Australian research unearths new treatment hope

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Stomach cancer_oncologynews_800x500A new cancer-fighting medicine has shown the ability to extend the lives of people with one of the most deadly forms of gastro-intestinal cancer, according to Australian-led research presented at ASCO, the world’s largest cancer meeting in Chicago.

Experts from the Australasian Gastro-Intestinal Trials Group (AGITG) who conceived, designed and led the ground-breaking INTEGRATE study have told the American Society of Clinical Oncology (ASCO) conference that a medicine known as regorafenib can suppress the growth of tumours in patients with cancer of the stomach and oesophagus/stomach junction that has progressed after surgery and chemotherapy.

Associate Professor Nick Pavlakis, INTEGRATE study lead investigator and oncologist at Sydney’s Royal North Shore Hospital said, “The results are extremely promising for patients with cancer of the stomach and oesophagus/stomach junction who have failed chemotherapy and have no other approved treatment options”.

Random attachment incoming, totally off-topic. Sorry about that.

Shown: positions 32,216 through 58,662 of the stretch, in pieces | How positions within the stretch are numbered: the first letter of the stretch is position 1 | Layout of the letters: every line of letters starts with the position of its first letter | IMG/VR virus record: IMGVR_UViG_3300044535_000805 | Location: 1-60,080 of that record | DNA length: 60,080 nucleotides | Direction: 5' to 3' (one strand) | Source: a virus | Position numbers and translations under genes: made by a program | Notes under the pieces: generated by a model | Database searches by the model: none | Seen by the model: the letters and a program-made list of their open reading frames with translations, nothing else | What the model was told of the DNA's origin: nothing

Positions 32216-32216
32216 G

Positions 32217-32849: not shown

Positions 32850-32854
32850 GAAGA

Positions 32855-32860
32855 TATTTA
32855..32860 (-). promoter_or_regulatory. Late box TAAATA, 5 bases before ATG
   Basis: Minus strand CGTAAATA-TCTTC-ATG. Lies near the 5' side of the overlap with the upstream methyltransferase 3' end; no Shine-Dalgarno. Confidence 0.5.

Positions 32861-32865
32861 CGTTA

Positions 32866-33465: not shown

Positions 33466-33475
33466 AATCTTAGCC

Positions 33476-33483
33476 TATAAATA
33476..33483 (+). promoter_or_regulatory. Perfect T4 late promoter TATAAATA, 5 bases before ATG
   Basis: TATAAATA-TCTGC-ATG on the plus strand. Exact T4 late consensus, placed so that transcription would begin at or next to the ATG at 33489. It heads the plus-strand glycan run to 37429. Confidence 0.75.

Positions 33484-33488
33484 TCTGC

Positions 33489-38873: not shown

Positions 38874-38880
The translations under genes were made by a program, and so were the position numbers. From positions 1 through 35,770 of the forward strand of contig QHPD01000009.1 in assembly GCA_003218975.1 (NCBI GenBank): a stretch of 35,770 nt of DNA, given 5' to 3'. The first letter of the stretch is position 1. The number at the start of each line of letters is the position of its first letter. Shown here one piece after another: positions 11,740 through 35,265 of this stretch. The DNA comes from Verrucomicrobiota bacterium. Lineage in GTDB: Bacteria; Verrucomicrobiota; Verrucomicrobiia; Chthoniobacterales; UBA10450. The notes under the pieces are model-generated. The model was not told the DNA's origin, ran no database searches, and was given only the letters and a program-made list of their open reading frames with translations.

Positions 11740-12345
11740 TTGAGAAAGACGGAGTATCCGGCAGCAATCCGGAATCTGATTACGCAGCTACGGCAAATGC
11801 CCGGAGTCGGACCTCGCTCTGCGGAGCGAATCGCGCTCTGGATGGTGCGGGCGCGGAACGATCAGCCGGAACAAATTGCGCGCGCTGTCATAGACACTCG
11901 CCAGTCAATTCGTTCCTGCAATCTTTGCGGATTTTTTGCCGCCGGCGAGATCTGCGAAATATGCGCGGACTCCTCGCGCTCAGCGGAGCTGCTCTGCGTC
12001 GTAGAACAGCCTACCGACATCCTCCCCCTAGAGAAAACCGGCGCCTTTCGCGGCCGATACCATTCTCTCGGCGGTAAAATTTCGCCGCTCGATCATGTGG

In the trial of 152 patients with advanced cancer of the stomach and oesophagus/stomach junction, two thirds of patients were treated with regorafenib tablets, resulting in a significant suppression of tumour growth by 60% compared with patients receiving placebo, and a 26% improvement in overall survival time.

The Phase II INTEGRATE study was conducted across 28 trial centres in Australia and another 29 sites in New Zealand and parts of Asia.

The Australasian Gastro-Intestinal Trials Group are now preparing for a major international Phase III clinical trial of regorafenib in 460 patients with advanced cancer of the stomach and oesophagus/stomach junction that has returned after surgery and become resistant to chemotherapy.

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The ONA Editor curates oncology news, views and reviews from Australia and around the world for our readers. In aggregated content, original sources will be acknowledged in the article footer.

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